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Court throws out vouchers

The state high court says voucher schools are not subject to the same regulations that apply to public schools.

Published January 6, 2006

The Florida Supreme Court knocked the wind out of Gov. Jeb Bush's education revamp Thursday, ruling that the private-school voucher program violates the state Constitution's promise of a "uniform system of free public schools."

Watched nationwide, the 5-2 decision topples Opportunity Scholarships, the only statewide voucher program in the country. It also raises doubts about two related voucher programs.

The ruling shatters the biggest stick Bush wielded to boost performance - the ability to use tax dollars to leave a failing public school for a private one.

Vouchers are "one of the most important reasons why we have seen rising student achievement," Bush said at a news conference in Tallahassee. "I think it's a sad day for accountability in our state."

This year, only about 700 of Florida's 2.7-million public school students took advantage of Opportunity Scholarships. None of them are in the Tampa Bay area.

Though the numbers are small, the policy implications have always been huge.

Supporters, including a long line of conservative think tanks and interest groups, say vouchers have motivated struggling public schools to perform better through competition. A couple of recent academic studies, including one by researchers at Harvard University, back up that claim.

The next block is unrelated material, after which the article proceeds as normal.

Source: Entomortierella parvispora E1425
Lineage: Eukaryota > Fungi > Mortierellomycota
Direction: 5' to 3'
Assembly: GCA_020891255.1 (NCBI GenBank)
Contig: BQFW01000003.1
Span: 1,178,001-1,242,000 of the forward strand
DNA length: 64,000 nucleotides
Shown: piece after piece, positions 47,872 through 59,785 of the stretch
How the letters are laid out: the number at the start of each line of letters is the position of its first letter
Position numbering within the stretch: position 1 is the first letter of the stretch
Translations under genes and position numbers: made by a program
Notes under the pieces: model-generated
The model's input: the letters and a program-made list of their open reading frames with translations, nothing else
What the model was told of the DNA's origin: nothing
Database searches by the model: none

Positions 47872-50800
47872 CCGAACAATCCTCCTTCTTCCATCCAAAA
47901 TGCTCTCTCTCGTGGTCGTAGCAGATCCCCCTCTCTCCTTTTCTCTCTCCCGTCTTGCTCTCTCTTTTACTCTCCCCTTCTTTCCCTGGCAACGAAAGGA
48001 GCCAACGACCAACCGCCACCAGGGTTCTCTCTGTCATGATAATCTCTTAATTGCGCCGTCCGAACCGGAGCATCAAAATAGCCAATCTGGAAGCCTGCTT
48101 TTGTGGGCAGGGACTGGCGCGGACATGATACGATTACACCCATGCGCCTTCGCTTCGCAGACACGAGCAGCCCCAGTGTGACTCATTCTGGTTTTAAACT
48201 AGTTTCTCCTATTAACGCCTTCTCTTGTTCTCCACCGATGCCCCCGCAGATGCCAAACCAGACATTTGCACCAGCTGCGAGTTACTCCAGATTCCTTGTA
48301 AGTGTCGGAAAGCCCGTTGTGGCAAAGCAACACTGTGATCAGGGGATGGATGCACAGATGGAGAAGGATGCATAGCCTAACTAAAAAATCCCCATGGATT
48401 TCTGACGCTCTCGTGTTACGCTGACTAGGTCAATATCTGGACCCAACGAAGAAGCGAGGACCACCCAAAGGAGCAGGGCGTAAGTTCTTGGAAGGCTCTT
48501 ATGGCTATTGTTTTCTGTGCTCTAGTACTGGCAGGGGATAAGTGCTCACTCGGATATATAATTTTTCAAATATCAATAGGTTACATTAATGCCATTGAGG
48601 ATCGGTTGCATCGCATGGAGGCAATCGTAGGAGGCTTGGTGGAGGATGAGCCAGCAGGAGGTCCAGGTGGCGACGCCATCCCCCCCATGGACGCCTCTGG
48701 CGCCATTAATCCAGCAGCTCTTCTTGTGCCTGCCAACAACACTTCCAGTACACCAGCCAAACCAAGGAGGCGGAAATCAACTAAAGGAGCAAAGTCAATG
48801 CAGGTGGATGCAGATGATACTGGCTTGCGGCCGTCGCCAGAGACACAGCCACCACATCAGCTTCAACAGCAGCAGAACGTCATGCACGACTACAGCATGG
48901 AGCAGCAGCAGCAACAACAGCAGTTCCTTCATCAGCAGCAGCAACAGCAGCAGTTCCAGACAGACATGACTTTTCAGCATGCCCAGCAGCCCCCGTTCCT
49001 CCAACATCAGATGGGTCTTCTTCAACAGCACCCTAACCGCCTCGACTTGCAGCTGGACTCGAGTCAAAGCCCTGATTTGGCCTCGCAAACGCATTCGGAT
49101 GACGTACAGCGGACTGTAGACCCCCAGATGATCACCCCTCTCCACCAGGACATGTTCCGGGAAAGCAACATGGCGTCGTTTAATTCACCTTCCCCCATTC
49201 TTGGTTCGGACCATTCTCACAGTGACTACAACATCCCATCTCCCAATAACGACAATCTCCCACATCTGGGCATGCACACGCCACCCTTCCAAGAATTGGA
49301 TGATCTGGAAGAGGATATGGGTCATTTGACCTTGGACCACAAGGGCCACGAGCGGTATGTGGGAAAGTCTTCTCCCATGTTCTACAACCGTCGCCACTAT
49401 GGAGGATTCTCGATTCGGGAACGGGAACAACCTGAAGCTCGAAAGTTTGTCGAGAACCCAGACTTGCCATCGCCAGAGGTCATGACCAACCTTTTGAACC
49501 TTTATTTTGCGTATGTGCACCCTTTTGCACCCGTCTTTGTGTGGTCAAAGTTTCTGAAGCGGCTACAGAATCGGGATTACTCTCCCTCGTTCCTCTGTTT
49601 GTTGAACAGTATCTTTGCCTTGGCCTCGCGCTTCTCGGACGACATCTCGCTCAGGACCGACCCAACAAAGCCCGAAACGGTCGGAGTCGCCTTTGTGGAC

But opponents, led by the state's teachers union, say vouchers drain money from public schools - an argument echoed by the Supreme Court majority as well as Democratic candidates for governor. They also say vouchers unfairly malign public schools and violate constitutional restrictions separating church and state.

Thursday's ruling is "a victory for public schools in Florida," said Ron Meyer, a Tallahassee attorney who argued the case on behalf of the Florida Education Association. "It means that Florida taxpayers will not be forced to pay for (private) schools which are unaccountable."

Filed one day after Bush signed the program into law in 1999, Bush vs. Holmes has been colored ever since by religious and racial overtones. The vast majority of students using Opportunity Scholarships are black or Hispanic, and polls show strong support in minority communities for voucher programs. At the same time, the case has raised thorny questions regarding the constitutionality of sending public money to religious schools, which make up the majority of those accepting vouchers.

For some families, though, vouchers were not policy but personal. Andy Cameron, 55, of Pensacola, whose son Ramon attended a Catholic school for five years, said vouchers enabled his son to get a better education. Ramon was a fourth-grader when a local factory closed and Cameron lost his job. Without a voucher, he couldn't afford to send his son to a private school.

"It gave us a choice, which we didn't have before," Cameron said. "The schools that Ramon was in, before, were in pretty rough condition. The kids didn't even have access to books to take home."

Cameron said he is a Democrat, and disagrees with Bush on some of his policies. "But on the voucher program, I backed him 100 percent," he said.

Lower courts had ruled against the program on religious grounds, but the Supreme Court steered wide of that argument. Instead, a majority found that vouchers violate a state constitutional provision that voters enacted in 1998, for a "uniform, efficient, safe, secure and high quality system of free public schools."

The justices turned the accountability argument upside down, noting voucher schools are not subject to the same rigorous state regulations that apply to public schools. That, they wrote, violates the constitutional mandate for a "uniform" public school system.